Tuesday, January 31, 2017


Welcome to another installment of RETRO REVIEW, where where we take a look at films made before the year 2000. Today we review director John Hughes' classic teen comedy THE BREAKFAST CLUB.

The brilliant John Hughes writes teenagers phenomenally well. The characters in The Breakfast Club, unlike a lot of other high school comedies, are three dimensional, complex, likable, engaging, and played by wonderful actors who own the screen.

Hughes' direction is also very good here. I particularly loved the way Hughes introduced the students, each one introduced by how much of a ''reprobate'' they were.

The pace, for the most part. is spot on. The film never ceases to entertain, but it is more than just entertaining. By the third act of the film you really start to dig deep into who these characters are, ironically, the subject for the essay they are supposed to write. The scene where they are all talking about how they got in trouble is funny, yet heart breaking at the same time. This is a juxtaposition we as film fans rarely get in the Teen-comedy genre.

And that is what I love most about The Breakfast Club: the fact that it is not your average teen comedy. It has been imitated but never replaced. Films like 10 Things I Hate About You, Mean Girls, and last year's The Edge Of Seventeen, are great, and do come close, but there is something about The Breakfast Club that resonates so much more. Still, to this day, teens watch it and find themselves relating to the characters. I think that is 100% due to John Hughes's verisimilitude writing.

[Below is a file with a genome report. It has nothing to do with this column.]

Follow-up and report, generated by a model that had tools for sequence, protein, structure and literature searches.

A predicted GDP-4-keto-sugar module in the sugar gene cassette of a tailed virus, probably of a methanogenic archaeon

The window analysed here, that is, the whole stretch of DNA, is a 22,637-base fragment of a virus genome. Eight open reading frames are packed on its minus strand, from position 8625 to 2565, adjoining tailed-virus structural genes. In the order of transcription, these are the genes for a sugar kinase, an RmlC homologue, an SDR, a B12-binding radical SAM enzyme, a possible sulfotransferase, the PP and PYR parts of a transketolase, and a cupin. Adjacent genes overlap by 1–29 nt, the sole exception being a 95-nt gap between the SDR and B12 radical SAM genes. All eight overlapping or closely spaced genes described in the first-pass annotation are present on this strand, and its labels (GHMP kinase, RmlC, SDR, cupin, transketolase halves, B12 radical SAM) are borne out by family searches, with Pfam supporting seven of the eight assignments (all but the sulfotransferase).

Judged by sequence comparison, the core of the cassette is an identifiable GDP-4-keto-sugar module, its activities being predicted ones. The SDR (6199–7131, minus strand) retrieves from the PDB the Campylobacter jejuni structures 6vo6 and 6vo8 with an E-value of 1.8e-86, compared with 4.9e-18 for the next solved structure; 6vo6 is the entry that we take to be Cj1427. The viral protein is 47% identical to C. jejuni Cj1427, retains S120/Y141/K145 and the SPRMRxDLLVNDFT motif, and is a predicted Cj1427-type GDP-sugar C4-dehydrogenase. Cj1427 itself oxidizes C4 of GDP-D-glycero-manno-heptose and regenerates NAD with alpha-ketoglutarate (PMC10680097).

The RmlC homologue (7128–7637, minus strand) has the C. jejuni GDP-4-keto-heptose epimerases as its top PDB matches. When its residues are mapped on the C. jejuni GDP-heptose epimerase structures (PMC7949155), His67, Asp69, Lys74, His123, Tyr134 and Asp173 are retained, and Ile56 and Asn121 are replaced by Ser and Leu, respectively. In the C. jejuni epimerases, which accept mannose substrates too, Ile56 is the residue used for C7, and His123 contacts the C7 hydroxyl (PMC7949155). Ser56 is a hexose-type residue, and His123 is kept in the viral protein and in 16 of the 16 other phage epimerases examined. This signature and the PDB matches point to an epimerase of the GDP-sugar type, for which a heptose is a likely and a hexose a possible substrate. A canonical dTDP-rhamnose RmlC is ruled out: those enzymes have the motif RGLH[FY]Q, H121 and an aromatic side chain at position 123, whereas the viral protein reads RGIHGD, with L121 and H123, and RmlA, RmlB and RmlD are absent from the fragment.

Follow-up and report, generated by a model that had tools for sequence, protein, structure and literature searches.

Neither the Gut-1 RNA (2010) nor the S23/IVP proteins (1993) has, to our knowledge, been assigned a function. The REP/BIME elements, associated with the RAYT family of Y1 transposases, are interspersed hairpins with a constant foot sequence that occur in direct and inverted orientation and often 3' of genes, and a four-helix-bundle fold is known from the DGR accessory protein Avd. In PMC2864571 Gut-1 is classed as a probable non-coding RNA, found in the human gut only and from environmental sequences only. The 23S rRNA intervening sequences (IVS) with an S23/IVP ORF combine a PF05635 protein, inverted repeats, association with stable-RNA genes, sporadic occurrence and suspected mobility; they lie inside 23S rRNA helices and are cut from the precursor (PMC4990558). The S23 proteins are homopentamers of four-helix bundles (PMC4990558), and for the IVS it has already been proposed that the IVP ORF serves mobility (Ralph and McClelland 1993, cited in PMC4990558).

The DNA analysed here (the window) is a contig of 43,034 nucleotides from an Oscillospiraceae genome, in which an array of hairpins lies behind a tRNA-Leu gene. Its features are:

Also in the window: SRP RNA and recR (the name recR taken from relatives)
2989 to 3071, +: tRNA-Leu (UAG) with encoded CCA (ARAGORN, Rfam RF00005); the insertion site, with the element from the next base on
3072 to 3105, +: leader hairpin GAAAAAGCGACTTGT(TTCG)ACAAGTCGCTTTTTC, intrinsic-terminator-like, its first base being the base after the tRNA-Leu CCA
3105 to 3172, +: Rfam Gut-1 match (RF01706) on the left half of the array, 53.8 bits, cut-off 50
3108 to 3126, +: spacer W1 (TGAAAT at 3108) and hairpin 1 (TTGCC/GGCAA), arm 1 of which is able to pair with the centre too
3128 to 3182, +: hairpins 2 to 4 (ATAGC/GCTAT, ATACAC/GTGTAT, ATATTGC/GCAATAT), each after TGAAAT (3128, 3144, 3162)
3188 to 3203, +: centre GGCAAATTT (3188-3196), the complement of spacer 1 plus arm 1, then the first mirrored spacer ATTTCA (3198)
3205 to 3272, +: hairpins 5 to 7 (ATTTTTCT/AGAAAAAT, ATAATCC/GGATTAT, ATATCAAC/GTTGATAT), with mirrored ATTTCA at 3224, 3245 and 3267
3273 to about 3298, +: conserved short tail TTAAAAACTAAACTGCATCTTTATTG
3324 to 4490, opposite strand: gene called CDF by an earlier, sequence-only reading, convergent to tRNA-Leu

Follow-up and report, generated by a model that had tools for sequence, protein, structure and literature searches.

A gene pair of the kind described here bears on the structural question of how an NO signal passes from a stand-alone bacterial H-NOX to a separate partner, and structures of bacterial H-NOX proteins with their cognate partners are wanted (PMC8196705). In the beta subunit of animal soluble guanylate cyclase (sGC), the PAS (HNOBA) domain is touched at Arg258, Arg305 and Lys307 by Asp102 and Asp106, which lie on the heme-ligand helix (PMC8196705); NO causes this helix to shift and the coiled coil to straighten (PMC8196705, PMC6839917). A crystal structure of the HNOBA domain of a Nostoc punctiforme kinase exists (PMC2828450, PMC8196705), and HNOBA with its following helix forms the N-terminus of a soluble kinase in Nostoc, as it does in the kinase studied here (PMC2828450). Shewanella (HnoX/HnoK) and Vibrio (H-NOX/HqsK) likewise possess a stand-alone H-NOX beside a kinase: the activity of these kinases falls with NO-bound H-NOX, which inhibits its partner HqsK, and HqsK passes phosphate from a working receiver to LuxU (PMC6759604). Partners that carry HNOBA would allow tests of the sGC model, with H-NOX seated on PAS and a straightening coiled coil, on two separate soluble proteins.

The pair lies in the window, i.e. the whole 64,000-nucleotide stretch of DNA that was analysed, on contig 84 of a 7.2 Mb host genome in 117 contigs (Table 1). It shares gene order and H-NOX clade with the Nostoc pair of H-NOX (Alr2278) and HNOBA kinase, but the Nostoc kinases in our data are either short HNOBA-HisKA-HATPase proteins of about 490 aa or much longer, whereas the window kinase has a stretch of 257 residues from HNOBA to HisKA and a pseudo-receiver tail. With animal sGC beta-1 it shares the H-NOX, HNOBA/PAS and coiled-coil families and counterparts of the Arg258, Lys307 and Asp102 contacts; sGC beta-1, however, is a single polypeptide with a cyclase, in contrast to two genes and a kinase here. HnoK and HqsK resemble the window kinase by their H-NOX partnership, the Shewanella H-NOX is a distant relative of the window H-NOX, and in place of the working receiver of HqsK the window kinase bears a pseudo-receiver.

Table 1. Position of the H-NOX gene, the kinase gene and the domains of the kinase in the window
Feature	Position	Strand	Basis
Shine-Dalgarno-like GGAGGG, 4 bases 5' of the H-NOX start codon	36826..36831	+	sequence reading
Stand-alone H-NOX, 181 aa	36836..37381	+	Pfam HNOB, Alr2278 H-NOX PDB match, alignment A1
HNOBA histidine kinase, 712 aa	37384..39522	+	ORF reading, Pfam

The characters in The Breakfast Club are kids we all have known, and that is what makes them still, even in 2017, some of the most relatable teenage characters ever put to screen. To add further, all of them are distinct from one another. Bender, the too cool for school stoner, Brian, the always in his books kid who fakes his ID so he can vote, Claire, the popular girl who wants to stand up to her popular friends, Allison, the ''weird'' outsider, and Andy, the charismatic jock, are all completely different and interesting. This makes it possible for pretty much every audience member to feel connected to at least one of them. That wouldn't be enough without good writing. Thankfully, Hughes was up to the task.

The film's ending is the only mild weak spot for me. The ending comes rather abruptly, and I think that is a script issue. The flow felt unfocused in the last 5 minutes, as if Hughes and company were, unnecessarily, hurrying to wrap it up.

Maybe on future viewings the end will feel a little more swift, but as of right now, considering how well paced the rest of the film was, it was a tad jarring. Speaking of the ending, albeit iconic, there is one thing that happens between two characters that I found to be mildly inconsistent with the rest of their behaviour in the film.

But other than those minor flaws, which both happen in the last 5 minutes of the film, so that's lucky, The Breakfast Club is easily one of the best teen comedies ever made.

It is a clever, witty film, that thanks to a perspicacious script, will live forever.

Sammy's Score: 9.5/10

Make sure to check us out and like us on Facebook and follow us on Twitter and Instagram for all of our reviews, news, trailers, and much, much more!!!

No comments:

Post a Comment